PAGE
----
Frugal Life Skills: Mending Clothes

cohdranknsewing4.JPGPrior to being a blogger, I made costumes. All kinds of costumes from Jedi Robes to A Prince Charming Costume for someone’s wedding. One skill that I am adamant about everyone having is the skill of sewing. You don’t need to be able to stitch a wedding dress, but sewing on a button, fixing a fallen hem, and repairing a seam rip are all simple and good, money-saving skills that everyone should be able to learn.

To get started, you’ll need a sewing kit. I have one like this. If you want to gather one on your own, here are a few items that you need:

  • Needles: I usually have a variety pack, like this.
  • Thread: A good variety of colors may not be needed, depending on which colors are in your wardrobe. I recommend Coats and Clark thread. Essential colors are- Black, white, tan or natural, navy blue.
  • Scissors/snips
  • Pins: I prefer pins that have a large colorful head. They are easier to find if/when you drop them on the floor. Spoiler alert: You will drop pins on the floor.
  • Safety Pins: Always good to have safety pins in the house. I usually get a package from 99 Cents Only or Dollar tree and stash them in my sewing box.
  • Seam Ripper: Seam rippers are great for picking out hems that have fallen. Or, you know, ripping out seams when you make a mistake.
  • I also like having a pin cushion. This helps cut down on losing pins and then finding them later. With your bare feet. Ouch. Fun Fact: On the Tomato pin cushion, the little attached pepper/strawberry is full of  pumice/sand that is used for sharpening your needles and pins.
  • I keep all my sewing goodies in a box like this. It’s big enough that I can also stash the foot and cord to my sewing machine in the box. (BTW, if you want to buy one from Wayfair, here is a link where you can get an extra 10% off your order).

Now that your kit is assembled, You’ll need to learn how to actually sew. Instead of reinventing the wheel, I searched on YouTube and watched a bunch of videos trying to find one that is the easiest. I really thought that this video from Nifty teaches 4 simple ways to mend most things.

Recently I had to fix a pair of jeans that had a worn out pocket. The back pocket had worn thin because of  where my husband keeps his leather wallet.

I picked up a package of Denim Iron on patches at Joann’s- I used a 50% off coupon, so they were only $2.14 with tax! And I still have half a package left, so I can repair another pair of jeans too!

I set up the ironing board and iron and set to work.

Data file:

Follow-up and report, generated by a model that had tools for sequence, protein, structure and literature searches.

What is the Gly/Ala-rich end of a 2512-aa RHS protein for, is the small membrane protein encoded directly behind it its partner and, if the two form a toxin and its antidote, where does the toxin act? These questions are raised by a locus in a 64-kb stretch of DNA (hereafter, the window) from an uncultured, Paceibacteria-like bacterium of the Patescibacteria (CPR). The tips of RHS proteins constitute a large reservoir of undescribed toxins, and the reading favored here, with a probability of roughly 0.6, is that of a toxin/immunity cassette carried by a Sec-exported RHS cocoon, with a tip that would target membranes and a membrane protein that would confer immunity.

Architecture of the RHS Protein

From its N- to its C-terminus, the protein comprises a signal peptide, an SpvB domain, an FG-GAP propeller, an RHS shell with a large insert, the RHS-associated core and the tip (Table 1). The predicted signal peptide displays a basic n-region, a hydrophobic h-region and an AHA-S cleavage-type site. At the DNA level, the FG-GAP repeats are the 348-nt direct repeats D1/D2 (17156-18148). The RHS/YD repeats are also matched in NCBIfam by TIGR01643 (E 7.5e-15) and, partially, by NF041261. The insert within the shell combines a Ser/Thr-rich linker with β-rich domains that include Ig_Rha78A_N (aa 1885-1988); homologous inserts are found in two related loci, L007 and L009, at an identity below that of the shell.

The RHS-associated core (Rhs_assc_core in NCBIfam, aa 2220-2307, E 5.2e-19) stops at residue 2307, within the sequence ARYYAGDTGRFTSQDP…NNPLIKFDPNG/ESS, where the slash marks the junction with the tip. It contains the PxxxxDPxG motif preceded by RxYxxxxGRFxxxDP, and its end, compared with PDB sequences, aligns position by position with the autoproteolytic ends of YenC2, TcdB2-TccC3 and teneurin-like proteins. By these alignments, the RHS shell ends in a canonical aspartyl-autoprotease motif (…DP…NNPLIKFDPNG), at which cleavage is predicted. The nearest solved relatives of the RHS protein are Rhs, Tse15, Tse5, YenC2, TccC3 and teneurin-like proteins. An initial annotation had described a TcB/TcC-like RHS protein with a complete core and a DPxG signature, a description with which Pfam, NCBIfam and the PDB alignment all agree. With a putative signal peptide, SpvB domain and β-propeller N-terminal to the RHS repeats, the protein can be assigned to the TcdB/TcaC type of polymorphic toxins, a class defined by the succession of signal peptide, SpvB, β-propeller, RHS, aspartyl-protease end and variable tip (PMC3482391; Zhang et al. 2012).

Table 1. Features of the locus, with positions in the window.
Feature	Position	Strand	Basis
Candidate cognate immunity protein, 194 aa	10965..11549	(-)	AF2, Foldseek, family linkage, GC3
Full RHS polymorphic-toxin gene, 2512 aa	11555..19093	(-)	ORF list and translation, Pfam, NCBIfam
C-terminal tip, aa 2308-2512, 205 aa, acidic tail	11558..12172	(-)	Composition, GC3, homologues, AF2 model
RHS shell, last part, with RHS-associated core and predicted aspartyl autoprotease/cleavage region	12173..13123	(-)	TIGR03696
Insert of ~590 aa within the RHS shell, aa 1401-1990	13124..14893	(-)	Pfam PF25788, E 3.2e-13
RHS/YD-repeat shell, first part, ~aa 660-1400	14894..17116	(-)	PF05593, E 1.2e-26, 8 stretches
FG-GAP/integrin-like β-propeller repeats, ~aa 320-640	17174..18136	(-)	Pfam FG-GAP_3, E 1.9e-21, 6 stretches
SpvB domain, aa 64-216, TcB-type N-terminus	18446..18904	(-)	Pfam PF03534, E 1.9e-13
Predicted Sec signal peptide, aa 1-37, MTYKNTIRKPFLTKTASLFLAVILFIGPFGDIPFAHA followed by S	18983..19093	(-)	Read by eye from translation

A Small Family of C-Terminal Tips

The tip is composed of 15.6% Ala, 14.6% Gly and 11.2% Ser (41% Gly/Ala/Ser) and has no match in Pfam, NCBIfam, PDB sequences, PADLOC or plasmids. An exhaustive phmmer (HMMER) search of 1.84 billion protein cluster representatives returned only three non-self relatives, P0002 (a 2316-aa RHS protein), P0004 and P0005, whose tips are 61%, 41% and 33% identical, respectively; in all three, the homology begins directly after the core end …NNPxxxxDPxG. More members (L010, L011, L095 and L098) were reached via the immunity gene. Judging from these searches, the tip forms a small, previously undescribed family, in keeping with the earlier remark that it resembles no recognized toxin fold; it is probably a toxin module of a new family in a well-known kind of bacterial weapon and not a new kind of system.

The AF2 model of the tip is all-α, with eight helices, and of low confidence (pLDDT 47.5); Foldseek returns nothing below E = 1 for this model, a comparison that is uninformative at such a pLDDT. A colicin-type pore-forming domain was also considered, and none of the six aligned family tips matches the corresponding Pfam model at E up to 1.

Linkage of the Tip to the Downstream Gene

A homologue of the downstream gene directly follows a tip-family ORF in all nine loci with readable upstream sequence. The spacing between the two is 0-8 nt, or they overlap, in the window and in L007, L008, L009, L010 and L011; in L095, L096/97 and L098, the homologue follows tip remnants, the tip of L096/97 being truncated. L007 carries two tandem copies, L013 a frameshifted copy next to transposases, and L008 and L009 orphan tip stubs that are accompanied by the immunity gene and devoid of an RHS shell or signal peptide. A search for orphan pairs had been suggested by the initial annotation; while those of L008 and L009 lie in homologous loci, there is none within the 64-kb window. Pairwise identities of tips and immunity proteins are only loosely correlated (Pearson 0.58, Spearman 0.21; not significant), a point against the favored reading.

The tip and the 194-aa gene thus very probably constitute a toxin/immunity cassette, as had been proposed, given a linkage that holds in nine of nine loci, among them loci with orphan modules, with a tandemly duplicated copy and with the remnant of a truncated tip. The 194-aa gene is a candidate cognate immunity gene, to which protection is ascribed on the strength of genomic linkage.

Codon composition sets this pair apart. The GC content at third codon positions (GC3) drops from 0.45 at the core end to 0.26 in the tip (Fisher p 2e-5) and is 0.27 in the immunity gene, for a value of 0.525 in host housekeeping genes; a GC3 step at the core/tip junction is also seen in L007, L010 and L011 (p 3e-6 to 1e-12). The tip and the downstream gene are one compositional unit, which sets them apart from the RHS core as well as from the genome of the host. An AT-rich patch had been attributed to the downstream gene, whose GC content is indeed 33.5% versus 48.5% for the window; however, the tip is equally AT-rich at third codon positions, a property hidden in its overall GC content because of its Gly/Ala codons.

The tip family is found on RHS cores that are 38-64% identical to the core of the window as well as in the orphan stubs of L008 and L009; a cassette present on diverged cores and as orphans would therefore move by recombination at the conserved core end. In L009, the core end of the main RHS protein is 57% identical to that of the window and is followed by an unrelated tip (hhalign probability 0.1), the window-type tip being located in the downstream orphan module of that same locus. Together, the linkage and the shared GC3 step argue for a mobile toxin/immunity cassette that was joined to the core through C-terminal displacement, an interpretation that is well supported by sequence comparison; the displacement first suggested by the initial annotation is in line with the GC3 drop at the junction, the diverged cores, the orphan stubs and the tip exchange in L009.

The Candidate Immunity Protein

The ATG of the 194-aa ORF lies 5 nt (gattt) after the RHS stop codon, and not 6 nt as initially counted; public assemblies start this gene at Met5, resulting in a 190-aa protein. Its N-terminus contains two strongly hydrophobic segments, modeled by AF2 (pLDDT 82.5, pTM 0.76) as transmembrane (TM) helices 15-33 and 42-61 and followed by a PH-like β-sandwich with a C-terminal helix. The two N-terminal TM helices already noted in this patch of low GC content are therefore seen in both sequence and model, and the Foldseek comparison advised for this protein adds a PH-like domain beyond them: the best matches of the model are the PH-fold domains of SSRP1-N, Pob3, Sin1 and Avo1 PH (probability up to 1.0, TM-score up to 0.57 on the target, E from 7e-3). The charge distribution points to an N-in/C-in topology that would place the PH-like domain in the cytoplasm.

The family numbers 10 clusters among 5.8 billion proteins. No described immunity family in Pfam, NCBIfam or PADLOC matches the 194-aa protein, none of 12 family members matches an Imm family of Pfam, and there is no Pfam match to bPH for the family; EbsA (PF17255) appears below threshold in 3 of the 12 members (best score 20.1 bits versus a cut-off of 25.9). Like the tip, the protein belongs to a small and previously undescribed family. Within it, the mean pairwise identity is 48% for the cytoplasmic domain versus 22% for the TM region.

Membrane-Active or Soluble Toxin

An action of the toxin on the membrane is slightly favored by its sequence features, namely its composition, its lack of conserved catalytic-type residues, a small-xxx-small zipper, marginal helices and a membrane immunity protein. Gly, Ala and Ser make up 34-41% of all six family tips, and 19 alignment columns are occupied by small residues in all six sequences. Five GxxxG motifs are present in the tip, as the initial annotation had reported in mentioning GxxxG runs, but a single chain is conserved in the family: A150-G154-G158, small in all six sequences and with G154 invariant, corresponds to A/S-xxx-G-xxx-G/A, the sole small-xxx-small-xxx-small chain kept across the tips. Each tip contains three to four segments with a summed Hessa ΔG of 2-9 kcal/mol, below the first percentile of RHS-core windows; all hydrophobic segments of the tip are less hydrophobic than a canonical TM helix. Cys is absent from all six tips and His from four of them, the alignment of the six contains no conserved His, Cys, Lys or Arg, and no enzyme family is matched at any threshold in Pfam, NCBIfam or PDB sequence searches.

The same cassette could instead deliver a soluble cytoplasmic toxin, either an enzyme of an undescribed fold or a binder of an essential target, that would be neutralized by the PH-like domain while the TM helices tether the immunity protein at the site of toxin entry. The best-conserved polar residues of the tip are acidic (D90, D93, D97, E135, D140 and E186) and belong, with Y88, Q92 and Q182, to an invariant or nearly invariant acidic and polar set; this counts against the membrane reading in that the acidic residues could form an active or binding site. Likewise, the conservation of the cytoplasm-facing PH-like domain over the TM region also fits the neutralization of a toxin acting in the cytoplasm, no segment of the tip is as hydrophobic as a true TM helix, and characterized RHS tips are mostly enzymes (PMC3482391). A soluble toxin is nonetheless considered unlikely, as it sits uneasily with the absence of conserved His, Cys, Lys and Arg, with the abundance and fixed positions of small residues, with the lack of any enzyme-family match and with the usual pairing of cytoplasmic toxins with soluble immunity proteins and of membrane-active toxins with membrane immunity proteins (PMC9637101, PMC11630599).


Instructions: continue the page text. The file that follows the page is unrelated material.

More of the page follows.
IMG_16461-Find the hole, and make sure that the patch(es) are cut to the right size. You want to cover the hole completely, and the surrounding area, so the patch has some stable fabric to fuse to.

 

 

 

 

 

IMG_1648
The shiny stuff on the back side is the fusible adhesive.

I like the iron on patches- they have fusible adhesive attached to the back, which is basically a heat activated fabric glue that bonds the patch to the garment.

Once fused to the garment, it takes a lot of get the patch(es) off. For this project, I used two patches: one on the interior of the garment, and one on the exterior. Basically making a hole sandwich.

2- Place the patch(es) over the hole/rip, and fuse into place with the steam iron.

IMG_16513-Once the clothing/patch has cooled, you can stitch around the edge to make it extra secure, however, in this case I did not. I would do that for the knees of kiddo pants or other high wear areas.

Overall, this is a very simple project that anyone can do.

Our culture tends to discard garments as soon as they are not longer shiny or new. If you take care and mend clothing and other household goods, they will last longer and you will not have to spend money constantly replacing clothes and household items.

I spend about an hour a month mending clothing. I do it while watching TV at night. It is worth the time to fix a pair of pants for $2.14 instead of spending $30 to buy a new pair of jeans.

Talk Back: Can you do a few simple stitches to maintain your clothing? How do you take care to keep your clothes looking great?

Disclosure: Some of the links contained within this post are affiliate links. Meaning, if you click on the links above and make a purchase, I may be compensated with a small commission. for more information, check out my disclosure page.

Giveaway: 2 Tickets to PowPac and Pickwick Players Romeo & Juliet